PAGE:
Ok, so you went through part 1 of technical analysis in forex trading and saw how support and resistance levels can help you determine a good moment to buy or sell.
However, we have not answered some of our initial questions:
Which currency pair should I buy? Or
Should I buy or sell this pair?
We cannot answer these questions with technical analysis.
Wait, but I thought forex technical analysis was the holy grail of currency trading.
I’ve heard of so many trading systems and tools such as moving averages, momentum, Bollinger bands, Fibonacci ratios, and… this, and that, and so on… and so forth…
If you want to make money trading forex, we first have to recognize the limitations of technical analysis.
Let’s step back for a moment, who are the traders who make a ton of money?
Is it Sam, a retail trader working from his home? Maybe.
What about John, a senior trader at a top bank in Wall Street? Hmmm. John has a salary, and benefits.
If you were the owner of the bank and you paid John $300,000 a year, how much would John have to make trading?
Clearly, John has to make more (in practice substantially more) than his pay over the years if he wants to keep his job long term.
Moreover, these banks are top dogs for a reason. They are extremely competitive, so they gravitate towards best trading practices.
I understand, but what are those best trading practices?
Professional traders place much more importance on forex trading fundamentals than technical analysis. Because that’s what works (they still use technical analysis it’s just less important).
I don’t believe you.
Why then are so many people into technicals?
Because they are easy
After all. Why bother learning about economic indicators and Central banks or trying to decipher the market’s fundamental forces each and every time I’ll do a trade, when I can just use a system I saw in a forum?
When you use a trading system based solely on technical indicators, you just wait for the price to hit a threshold and behold! You buy or sell the pair.
No need to think.
And if the trade goes wrong, it’s the system’s fault. I can just tweak it a little and it will work next time.
If it doesn’t, I can just find a different system and try again.
Another reason it’s deceivingly easy to settle for a purely technical strategy is the opportunity to back test a system.
The way it works is you find or develop a cool trading system based on several technical tools.
Say, if a short term moving average crosses a longer term moving average, you have a signal to enter the trade.
Then you check whether it would have made you money last month.
Turns out that if you had used this system then, you would have made a lot of money trading forex.
You also test other time periods and get similar results. By now, you feel very confident. You start trading and lose your position.
What happened? Why do people lose money this way? Prices do not behave the same way.
Ask yourself: is this market the same it was in the period I back tested the system?
Chances are, fundamentals have changed, or perhaps, the market is in a period of high volatility. If you neglected fundamental analysis, you will have no idea.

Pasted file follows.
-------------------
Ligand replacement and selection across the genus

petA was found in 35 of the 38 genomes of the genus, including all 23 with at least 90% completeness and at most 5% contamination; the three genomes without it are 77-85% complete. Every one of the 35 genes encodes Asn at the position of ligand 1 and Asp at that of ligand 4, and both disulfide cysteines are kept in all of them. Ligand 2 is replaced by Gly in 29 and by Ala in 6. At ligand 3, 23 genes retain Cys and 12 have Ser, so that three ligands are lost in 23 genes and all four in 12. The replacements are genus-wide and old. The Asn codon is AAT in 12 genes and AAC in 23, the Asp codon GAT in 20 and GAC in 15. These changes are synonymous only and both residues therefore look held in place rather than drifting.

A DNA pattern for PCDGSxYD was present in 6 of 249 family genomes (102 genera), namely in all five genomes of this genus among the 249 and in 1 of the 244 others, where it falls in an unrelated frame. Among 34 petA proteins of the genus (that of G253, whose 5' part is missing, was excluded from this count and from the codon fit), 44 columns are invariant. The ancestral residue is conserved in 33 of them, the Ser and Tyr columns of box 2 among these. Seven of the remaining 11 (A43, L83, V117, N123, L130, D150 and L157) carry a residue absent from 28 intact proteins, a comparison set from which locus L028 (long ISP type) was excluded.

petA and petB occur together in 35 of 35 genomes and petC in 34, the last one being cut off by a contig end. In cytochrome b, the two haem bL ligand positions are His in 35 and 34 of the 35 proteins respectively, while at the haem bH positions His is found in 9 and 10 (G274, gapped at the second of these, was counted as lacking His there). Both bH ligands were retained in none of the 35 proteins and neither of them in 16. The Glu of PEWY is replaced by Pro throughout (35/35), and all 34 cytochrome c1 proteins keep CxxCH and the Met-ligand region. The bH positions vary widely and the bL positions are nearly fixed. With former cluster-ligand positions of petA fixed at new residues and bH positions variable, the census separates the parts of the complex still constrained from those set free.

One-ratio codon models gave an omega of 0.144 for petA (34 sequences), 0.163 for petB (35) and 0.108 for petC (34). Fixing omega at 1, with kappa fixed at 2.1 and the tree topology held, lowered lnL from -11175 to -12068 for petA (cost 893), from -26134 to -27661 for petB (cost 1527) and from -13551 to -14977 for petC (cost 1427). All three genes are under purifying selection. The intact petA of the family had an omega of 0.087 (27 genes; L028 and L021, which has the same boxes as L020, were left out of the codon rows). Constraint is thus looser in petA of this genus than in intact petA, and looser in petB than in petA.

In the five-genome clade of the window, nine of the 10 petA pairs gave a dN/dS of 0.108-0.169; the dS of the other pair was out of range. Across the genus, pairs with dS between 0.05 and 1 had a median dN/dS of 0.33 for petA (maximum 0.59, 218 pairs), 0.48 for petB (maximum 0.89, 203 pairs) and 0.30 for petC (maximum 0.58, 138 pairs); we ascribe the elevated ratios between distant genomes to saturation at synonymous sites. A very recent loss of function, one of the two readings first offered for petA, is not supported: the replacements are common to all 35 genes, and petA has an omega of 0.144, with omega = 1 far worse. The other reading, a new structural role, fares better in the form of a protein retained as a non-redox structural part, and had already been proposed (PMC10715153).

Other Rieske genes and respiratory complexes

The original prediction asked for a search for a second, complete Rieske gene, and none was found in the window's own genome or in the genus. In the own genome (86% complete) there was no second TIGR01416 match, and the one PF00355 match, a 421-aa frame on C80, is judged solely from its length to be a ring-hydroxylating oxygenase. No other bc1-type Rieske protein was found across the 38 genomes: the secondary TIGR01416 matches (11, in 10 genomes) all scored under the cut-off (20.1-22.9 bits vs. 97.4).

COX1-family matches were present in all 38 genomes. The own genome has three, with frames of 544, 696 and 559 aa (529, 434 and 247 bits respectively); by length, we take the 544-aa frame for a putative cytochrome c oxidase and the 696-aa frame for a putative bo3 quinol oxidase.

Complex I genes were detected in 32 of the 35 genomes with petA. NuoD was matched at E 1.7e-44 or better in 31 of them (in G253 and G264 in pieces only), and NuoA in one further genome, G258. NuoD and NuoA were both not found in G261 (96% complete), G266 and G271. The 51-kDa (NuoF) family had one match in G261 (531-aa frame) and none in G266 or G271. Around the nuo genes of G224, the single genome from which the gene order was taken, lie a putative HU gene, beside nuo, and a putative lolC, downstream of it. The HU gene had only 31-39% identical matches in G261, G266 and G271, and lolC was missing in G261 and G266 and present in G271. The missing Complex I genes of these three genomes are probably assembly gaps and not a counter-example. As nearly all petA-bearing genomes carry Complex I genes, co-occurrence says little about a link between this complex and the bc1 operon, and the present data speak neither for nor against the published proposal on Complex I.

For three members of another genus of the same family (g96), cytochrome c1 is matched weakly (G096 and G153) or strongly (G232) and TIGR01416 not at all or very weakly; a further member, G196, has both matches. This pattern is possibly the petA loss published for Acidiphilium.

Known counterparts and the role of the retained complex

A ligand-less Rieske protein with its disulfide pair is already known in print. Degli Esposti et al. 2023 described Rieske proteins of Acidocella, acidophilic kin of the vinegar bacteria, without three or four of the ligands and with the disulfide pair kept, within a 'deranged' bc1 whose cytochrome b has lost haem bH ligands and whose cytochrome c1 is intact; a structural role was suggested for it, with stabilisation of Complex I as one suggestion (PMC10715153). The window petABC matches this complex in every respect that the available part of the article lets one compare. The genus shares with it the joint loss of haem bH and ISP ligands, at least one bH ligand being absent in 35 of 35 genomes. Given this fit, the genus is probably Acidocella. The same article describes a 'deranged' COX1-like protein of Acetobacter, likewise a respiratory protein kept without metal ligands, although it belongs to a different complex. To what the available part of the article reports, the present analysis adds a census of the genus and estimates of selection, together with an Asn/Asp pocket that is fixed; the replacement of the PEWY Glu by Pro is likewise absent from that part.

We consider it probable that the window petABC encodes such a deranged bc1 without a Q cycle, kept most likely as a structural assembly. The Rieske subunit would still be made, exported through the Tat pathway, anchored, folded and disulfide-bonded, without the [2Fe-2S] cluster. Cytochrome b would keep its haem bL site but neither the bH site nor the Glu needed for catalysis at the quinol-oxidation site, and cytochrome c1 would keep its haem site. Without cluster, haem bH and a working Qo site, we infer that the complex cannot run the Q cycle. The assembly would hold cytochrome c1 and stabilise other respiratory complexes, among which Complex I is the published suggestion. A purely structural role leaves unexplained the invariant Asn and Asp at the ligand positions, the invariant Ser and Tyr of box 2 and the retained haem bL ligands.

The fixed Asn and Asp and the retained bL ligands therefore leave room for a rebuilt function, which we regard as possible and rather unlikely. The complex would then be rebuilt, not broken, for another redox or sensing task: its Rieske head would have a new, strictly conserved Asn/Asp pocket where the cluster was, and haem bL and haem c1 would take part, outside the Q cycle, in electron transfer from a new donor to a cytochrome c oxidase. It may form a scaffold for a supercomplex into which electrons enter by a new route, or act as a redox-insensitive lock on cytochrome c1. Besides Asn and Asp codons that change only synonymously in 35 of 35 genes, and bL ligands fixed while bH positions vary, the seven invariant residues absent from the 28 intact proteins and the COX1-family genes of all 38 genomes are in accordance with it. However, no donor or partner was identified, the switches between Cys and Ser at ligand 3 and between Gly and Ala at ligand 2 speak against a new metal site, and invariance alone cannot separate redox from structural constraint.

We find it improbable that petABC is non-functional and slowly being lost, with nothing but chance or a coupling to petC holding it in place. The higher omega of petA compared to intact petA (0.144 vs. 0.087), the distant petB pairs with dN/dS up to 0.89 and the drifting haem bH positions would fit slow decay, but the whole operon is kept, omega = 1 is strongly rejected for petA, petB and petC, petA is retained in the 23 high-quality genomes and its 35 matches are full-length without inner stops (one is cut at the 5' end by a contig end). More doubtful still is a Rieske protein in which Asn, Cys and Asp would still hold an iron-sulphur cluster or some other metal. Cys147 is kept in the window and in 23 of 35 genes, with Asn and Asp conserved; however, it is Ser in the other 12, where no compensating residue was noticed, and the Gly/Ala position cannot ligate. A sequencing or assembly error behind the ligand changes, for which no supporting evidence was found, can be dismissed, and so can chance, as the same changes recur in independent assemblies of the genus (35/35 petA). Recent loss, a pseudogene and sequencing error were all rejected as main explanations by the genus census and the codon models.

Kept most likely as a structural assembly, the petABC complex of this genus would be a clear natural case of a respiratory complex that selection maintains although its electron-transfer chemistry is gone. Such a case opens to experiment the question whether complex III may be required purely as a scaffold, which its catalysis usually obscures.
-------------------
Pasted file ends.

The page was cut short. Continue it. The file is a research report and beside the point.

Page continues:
Do you want to be the guy who has no idea of what’s going on?
Lastly, it is much easier for opportunistic sellers to make up new technical indicators (there is probably an infinite amount of possibilities).
Thus, you see new things popping up every time. Coupled with people’s desire for easy, you get a good business from selling these systems (or writing books on them).
Now, I don’t want you to leave thinking that technical analysis is garbage.
There is a place for it in almost every trading strategy. So what is the best use of technicals?
Let’s say you think the EUR/USD will continue to go down.
You researched the pair’s fundamentals and you are certain that both the FED and the ECB will continue to use divergent monetary policies.
Naturally, you decide to go with the downward trend and sell the pair.
You get your EUR/USD chart and fair enough. For the past few days the price has fallen. But there are some momentary increases.
This is where technical analysis will aid you. You want to sell. But you would prefer to enter the trade at a time in which the price is relatively high (in one of those short term upward moves).
Why? Because you know that long term, the price will continue to move down. But at any one moment it could move back up.
So you can capture one of those moments to increase your profits and set a better stop order.
You could draw support and resistance levels and wait for the price to get close to the latest resistance level.
You know from part 1, that the price is more likely to fall from a resistance level.
This time, however, you did some fundamental analysis and also know, that market forces will drive the price down.
Hence, you are more likely to be right about this trade.
And thanks to a few technical analysis tools, you might just make some money trading forex.
That’s what we have for technical analysis.
Just make sure you understand the forces moving currency prices here. And if you already now, make sure you check out our newsletter here.Home > Forex Trading Basics > Forex Technical Analysis Part 2
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